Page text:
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Fascinating objects and unheard-of stories from Canada’s francophone community.
Written by Annick Desmarais, Matthieu Drouin and Anne-Gaëlle Weber
These stone tools were used for hunting and warfare.
A deathbed memoir captured the early history of New France.
A deadly weapon recalls a merciless hunt.
This navigational instrument may have belonged to French explorer Samuel de Champlain.
This humble suitcase crossed the Atlantic Ocean seven times.
Pioneering settlers used this fine ceramic vessel for religious devotions.
A brass token served to seal alliances and to propagate the faith.
A tool of evangelization became a repository of linguistic history.
Ursuline nuns created this elaborate 17th-century brocade.
A kingly gift rang out from a North American fortress.
A jaunty head covering became the symbol of a persecuted people.
A rare ensign testifies to the French defeat on the Plains of Abraham.
A fine piece of furniture kept baby safe and warm.
A beaded collar secured the relationship between British and Wendat nations.
A family heirloom set people dancing for nearly two hundred years.
A useful belt became a symbol of French-Canadian and Métis cultural identities.
This nineteenth-century innovation made husking wheat a breeze.
Lower Canadians demanded democratic reforms from an unyielding British Crown.
A porcelain utensil symbolizes nursing sisters’ mission to care for the sick.
Infants born out of wedlock were often left to the care of nuns.
Traditional floral motifs decorate a Victorian-era keepsake.
A commercial sign advertised wool, fabric, and tailoring services.
This tricolour banner proclaims a unique French-Canadian cultural identity.
A resistance fighter’s moccasins become a symbol of reconciliation.
A handy contraption to squish fish helped feed Christian Europe.
An embroidered headpiece shows Wendat artistic ingenuity.
The shrill call of industrialization rang out across nineteenth-century Quebec.
These horse-drawn vehicles became part of Canada’s winter iconography.
An intrepid navigator asserted Canada’s Arctic sovereignty.
The first French-Canadian beer maker dubbed itself the “Brewery of the People.”
A soldier carved his memories into his First World War weapon.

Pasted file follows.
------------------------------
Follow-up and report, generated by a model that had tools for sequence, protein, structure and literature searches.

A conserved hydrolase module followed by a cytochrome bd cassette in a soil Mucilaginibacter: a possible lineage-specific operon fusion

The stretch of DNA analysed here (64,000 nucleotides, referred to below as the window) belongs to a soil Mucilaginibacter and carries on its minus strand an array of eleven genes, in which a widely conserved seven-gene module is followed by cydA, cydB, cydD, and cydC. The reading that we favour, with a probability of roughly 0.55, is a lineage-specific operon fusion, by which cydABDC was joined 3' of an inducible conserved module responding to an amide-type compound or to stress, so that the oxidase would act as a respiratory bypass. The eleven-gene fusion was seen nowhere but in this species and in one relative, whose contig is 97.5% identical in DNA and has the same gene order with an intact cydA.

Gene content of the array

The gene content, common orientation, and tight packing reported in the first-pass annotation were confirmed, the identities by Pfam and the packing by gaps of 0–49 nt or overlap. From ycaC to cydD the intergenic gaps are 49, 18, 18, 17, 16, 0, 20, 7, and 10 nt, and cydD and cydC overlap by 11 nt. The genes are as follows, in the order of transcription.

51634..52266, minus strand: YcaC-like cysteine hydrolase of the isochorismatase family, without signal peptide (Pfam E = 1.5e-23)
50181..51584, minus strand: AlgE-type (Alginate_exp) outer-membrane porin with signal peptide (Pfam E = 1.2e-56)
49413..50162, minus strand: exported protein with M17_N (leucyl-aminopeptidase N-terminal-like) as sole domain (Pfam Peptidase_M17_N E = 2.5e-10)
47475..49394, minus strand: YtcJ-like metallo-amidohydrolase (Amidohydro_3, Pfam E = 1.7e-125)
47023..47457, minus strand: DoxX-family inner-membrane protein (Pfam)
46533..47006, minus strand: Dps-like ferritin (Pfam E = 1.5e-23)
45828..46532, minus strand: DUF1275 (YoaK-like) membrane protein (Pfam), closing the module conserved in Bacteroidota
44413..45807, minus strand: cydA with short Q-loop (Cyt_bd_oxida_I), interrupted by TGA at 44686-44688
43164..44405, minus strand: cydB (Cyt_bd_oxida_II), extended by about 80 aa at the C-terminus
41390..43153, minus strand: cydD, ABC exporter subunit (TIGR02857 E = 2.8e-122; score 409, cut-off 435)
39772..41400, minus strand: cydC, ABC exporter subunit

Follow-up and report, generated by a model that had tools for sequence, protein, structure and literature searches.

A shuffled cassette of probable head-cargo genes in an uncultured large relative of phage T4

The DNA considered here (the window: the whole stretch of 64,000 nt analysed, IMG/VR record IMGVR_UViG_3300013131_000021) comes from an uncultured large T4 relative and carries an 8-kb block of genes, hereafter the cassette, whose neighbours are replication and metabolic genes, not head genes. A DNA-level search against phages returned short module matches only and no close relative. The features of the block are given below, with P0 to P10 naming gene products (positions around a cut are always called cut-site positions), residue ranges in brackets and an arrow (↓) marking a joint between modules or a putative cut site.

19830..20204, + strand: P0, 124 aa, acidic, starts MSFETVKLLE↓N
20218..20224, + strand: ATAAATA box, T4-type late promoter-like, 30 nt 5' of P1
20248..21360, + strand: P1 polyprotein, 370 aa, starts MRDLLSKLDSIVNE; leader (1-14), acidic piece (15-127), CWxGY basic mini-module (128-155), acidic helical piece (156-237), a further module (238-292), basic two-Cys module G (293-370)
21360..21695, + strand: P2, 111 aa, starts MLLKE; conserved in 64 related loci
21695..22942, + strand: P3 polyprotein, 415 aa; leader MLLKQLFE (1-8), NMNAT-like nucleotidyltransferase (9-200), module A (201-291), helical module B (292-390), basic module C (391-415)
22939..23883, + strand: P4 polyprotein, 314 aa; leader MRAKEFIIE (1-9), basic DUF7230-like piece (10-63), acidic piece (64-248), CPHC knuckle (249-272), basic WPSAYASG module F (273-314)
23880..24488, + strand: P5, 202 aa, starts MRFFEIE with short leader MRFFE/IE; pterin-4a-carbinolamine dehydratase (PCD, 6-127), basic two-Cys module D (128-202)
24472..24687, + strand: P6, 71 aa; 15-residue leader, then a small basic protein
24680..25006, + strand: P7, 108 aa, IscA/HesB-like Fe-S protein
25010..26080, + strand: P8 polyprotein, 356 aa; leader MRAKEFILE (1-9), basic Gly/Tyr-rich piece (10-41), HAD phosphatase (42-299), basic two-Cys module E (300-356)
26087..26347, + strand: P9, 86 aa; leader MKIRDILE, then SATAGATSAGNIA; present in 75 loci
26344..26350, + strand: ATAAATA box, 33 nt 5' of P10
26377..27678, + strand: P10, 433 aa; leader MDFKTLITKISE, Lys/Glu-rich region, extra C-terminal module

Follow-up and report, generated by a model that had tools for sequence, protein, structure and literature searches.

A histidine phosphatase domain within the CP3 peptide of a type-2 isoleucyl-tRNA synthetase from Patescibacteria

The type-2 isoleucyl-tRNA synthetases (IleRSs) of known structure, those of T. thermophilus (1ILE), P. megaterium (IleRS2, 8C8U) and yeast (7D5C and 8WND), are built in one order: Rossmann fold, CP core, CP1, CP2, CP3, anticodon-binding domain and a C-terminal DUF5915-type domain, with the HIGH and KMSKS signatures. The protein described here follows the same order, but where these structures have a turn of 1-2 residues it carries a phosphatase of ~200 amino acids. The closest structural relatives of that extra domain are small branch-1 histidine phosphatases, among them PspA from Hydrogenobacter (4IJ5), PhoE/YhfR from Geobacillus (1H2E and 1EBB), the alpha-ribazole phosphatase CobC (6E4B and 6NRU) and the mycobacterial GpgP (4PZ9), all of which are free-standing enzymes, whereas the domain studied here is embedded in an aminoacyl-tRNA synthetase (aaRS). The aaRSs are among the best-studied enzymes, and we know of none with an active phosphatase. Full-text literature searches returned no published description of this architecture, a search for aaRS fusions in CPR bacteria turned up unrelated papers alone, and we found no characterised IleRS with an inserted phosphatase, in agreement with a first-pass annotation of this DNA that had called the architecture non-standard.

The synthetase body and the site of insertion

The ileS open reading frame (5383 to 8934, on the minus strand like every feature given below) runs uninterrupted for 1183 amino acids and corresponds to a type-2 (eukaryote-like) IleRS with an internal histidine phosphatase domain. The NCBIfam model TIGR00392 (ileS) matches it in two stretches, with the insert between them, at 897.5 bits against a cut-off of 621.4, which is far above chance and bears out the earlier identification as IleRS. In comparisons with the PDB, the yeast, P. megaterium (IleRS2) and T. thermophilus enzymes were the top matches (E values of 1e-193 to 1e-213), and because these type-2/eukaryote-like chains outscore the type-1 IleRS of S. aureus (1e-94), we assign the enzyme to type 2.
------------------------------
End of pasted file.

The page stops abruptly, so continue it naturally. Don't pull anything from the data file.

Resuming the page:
Pin-up girl stemware embodied jazz-era Montreal.
A Depression-era Quebec songstress elevated spirits with her silk finery and joyful tunes.
Harry Cohen is the only known Canadian victim of the Nazi concentration camps. This prayer shawl — or tallit in Hebrew — was among his personal effects that were returned to the Cohen family after the war.
Decorations on a Second World War bomber recall Quebec’s contribution to the conflict.
New technology harnessed the airwaves and brought communities closer together.
CP trainyards were an economic engine for Montreal.
Parliamentarians partook on patriotic porcelain.
A stone relic recalls Quebec City’s once-thriving Chinatown.
An artist’s essay became a call-to-arms for social change.
Mass-produced pulp and paper fuelled the golden age of print journalism.
The Rocket wore this jersey in the 1959 Stanley Cup finals.
A young Joseph-Armand Bombardier invented this iconic winter vehicle.
A Quebec feminist icon wrote her memoirs on this machine.
The 1968 premier of Michel Tremblay’s play riled critics and enthralled audiences.
A Quebec designer created this iconic costume.
Generations of children loved this TV-star puppet.
The roots of Montreal’s Black community reach back four hundred years.
Quebec sovereignists proclaimed their beliefs with these political pins.
Ma petite valise de pensionnat bears testament to the trauma inflicted on generations of Indigenous children.
This article originally appeared in 50 Merveilles de nos musées : les plus beaux trésors de la Francophonie Canadienne. The special interest publication was part of Projet Portage, a five-year initiative to connect history lovers in French and English Canada, generously supported by the Molson Foundation.
Billy Bishop came home from the First World War and began Toronto's first civil air service.
This model was commissioned by the HBC and built by Alan Coburn of Nanaimo, British Columbia, in the 1930s.
Pemmican War trial manuscripts now available for public research.
LAC maintains an extensive collection, particularly in terms of the variety of material that has accumulated through the “total archives” approach.